Enter the giant22 March 2018
A new super-heavy lift crane has been developed for construction of Hinkley Point C in the UK. NEI learns more from Stijn Sarens.
BACKED BY FOREIGN INVESTMENT FROM France’s EDF (66.5%) and China General Nuclear (33.5%) the UK’s Hinkley Point C project was given the green light in September 2016 and construction work is under way. Some 52 cranes are expected to be used during civil construction work at the site, which is being managed by a Bouygues/Laing O’Rourke joint venture.
In the two decades since Sizewell B was built in the UK there have been significant changes in the safety and capacity of the cranes used for large construction projects, says Stijn Sarens, global account manager at Sarens, which is working on the project.
“More and more attention is [now] given to the safety systems in and on a crane,” says Sarens. In addition to load indicators and engine sensors, the way a crane can be put together onsite has been through a “tremendous evolution” with the addition of walkways, railings and fall-arrest systems. Significant effort has also been put into increasing the capacity of existing cranes. This was mostly driven by the booming wind industry, which had reinforced and longer booms with wind-jib attachments, Sarens says. For heavy lifting, the CC8000-1 and LR13000 were developed as the strongest off-the-shelf cranes.
Sarens has been awarded three work packages at Hinkley Point C and is hoping for more work in future. The company is supplying hydraulic cranes (100-500t capacity) to install a concrete batching plant, as well as two CC2400-1 crawler cranes for construction of the jetty. Work started on the jetty in 2017, and once completed this spring the 500m structure will enable 80% of the construction materials for the project to be delivered by sea. Sarens is also developing its largest-ever crane – the SGC 250 – for the Hinkley project under a £20 million, four-year contract.
The new SGC 250 crane, to be delivered next year, will be used for all the heavy lifts on site. It will be able to perform lifts ranging from 50t to 1150t, with radiuses of up to 165m, and will be used to install large prefabricated concrete structures for the outer building as well as heavy components like the reactor pressure vessel and the steam generators. A second CC 2800 will be used as a rigging crane with the SGC 250.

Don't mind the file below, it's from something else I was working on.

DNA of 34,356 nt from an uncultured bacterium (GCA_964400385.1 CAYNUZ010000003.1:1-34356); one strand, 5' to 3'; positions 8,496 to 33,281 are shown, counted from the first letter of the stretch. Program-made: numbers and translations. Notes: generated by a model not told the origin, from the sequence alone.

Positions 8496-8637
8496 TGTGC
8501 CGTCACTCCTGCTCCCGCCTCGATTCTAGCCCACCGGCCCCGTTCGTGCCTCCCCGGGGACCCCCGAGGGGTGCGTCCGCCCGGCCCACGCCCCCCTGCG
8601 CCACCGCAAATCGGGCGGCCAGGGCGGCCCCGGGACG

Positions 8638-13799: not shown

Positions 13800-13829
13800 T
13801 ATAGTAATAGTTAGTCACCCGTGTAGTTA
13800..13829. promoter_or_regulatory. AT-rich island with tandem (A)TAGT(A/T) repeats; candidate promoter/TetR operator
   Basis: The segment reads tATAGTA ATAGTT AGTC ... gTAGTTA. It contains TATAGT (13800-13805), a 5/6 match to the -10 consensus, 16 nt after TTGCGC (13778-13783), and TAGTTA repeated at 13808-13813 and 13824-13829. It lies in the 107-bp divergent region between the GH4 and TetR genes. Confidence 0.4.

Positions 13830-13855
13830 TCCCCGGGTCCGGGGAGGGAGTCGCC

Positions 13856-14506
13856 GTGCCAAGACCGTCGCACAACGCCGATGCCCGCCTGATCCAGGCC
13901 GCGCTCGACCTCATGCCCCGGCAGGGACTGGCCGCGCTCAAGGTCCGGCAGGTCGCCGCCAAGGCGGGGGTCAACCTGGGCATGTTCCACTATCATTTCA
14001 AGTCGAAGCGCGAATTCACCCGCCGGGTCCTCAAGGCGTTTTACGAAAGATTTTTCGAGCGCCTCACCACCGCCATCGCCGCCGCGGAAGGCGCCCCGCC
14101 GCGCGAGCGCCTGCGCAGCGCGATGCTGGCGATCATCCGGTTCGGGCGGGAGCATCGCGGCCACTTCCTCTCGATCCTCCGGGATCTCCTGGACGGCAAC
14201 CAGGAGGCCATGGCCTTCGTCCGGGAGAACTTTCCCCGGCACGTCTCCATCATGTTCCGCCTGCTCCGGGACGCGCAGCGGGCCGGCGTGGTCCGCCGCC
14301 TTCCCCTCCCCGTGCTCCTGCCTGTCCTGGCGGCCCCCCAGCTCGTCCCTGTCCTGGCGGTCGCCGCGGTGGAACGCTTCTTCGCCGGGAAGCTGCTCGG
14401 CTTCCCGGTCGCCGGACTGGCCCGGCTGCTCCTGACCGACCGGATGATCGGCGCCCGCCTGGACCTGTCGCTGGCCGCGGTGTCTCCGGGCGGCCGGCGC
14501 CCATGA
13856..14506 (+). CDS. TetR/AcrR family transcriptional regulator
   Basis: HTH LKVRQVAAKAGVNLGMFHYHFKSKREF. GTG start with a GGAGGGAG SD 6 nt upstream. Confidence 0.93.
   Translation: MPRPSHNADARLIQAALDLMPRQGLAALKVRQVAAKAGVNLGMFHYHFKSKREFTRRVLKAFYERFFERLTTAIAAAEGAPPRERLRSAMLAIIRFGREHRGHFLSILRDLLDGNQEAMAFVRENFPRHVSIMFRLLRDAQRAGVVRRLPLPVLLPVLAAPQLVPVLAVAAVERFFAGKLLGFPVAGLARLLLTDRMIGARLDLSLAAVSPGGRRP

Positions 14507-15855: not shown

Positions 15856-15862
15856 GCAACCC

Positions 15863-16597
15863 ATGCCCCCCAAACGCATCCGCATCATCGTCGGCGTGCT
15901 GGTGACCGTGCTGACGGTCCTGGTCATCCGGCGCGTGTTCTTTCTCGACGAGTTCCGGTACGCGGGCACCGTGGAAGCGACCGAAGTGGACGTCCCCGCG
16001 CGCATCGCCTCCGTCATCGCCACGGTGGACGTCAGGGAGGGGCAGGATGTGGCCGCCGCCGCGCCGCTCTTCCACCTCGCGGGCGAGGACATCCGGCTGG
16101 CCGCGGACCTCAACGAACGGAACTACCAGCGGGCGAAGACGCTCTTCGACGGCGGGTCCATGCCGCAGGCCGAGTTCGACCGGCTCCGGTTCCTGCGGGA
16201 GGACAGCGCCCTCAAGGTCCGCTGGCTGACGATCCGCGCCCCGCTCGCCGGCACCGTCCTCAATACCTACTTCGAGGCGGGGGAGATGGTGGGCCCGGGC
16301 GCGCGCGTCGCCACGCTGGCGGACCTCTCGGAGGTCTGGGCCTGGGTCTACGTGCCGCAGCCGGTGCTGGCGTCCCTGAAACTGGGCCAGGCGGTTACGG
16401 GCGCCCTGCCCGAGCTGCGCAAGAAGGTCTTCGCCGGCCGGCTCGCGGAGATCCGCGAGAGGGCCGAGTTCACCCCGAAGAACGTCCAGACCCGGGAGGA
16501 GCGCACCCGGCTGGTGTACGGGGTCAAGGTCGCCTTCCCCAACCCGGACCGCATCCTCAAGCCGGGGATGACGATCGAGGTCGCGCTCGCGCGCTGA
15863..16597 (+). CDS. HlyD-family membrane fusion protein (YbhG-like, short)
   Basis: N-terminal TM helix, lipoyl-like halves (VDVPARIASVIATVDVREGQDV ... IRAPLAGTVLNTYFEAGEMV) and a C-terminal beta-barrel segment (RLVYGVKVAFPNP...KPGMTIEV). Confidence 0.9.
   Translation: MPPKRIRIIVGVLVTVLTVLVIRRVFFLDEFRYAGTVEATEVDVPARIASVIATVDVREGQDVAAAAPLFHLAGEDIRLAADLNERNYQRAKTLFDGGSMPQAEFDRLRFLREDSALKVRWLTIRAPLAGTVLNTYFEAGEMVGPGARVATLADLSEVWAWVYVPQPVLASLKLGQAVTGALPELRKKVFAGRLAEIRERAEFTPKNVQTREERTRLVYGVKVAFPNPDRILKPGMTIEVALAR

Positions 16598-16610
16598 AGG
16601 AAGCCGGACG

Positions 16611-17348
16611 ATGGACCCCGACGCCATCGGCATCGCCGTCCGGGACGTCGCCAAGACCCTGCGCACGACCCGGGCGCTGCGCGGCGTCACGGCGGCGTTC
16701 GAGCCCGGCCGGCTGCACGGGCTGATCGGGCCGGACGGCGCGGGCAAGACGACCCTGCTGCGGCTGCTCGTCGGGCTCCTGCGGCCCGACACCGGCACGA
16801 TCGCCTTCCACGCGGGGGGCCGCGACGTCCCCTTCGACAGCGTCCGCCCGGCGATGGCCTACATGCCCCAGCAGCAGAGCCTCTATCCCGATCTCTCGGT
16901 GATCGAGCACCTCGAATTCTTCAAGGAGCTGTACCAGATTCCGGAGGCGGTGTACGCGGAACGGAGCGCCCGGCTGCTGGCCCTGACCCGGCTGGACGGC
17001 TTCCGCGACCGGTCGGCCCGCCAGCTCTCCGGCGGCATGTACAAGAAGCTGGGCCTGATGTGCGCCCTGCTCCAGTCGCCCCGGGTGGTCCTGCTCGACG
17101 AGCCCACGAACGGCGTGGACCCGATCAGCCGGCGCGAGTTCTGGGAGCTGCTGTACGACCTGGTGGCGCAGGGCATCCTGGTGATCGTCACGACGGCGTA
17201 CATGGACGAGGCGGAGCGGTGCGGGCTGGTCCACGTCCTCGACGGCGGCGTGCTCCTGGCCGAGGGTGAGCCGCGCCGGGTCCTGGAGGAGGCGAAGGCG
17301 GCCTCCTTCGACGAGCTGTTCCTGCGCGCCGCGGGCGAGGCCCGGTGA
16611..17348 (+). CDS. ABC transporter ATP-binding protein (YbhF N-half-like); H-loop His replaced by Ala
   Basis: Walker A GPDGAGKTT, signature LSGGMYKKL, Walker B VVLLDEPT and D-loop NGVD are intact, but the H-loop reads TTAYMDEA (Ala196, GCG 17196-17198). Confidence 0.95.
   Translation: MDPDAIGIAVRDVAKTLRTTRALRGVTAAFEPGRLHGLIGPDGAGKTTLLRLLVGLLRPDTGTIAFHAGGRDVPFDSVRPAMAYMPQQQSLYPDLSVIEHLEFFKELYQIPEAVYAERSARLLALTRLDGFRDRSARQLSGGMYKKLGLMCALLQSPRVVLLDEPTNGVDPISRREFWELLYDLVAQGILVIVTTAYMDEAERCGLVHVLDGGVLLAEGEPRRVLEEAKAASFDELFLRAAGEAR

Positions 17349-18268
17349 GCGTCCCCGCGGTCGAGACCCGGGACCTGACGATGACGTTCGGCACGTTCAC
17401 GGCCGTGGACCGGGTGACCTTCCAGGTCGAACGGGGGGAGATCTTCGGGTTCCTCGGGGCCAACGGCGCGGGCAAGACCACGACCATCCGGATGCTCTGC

The crane looks a lot like the company’s other SGCs, except that it is a little better and a lot stronger. “With each new version, we challenge ourselves and improve gradually, not only on capacity but also on safety systems, environmental aspects, ease of rigging and transportability,” Sarens says.
The main advantage of the new crane, he adds, is its ability to move between three different lifting positions, without the need for disassembly and reassembly. This is achieved thanks to 6km of rail system embedded in the construction site floor, which allows the crane to turn 360° and move laterally.
The crane is CE certified and includes full redundancy of power packs or engines.
“The crane has to be delivered in early 2019,” Sarens tells NEI. “Normally it would take about six weeks to assemble the crane on a site, but a lot is dependent on the local circumstances.” Getting the crane ready on site is one of Sarens’ most complex tasks.
The SGC 250 will be moved overland from Gent, Belgium to a nearby laydown yard before it is shuttled to the project site. An estimated 280 trucks will be required to deliver the SGC. At the moment the narrow lanes leading to the site only allow ten trucks per day. A purpose-built access road is planned, but a lot of work is still required on logistics.
“The main challenge is upon the arrival on site. Everything before is pretty standard in our business,” notes Sarens. He says the team has to contend with limits to the number of trucks the site can receive, entrance formalities for truck drivers, the space available to assemble the crane onsite, whether it will have access to a preassembly area so that the boom parts can be put together at the same time as the main platform, and the other types of equipment and workers on site.
One way that transport is made easier is by using local materials for ballast. Instead of shipping hundreds or thousands of tonnes of steel or concrete counterweight pieces, the standard containers used to ship the crane can be filled with gravel or sand and used as ballast.
“Hinkley Point is an extremely prestigious project, not only in the UK and Europe but also globally,” adds Sarens project manager Mark Rowlands. “The eyes of the world will be watching how Sarens performs.”
Looking beyond Hinkley, Sarens sees nuclear power as a “promising and stable” market, with work in maintenance and upgrading existing plant as well as new build.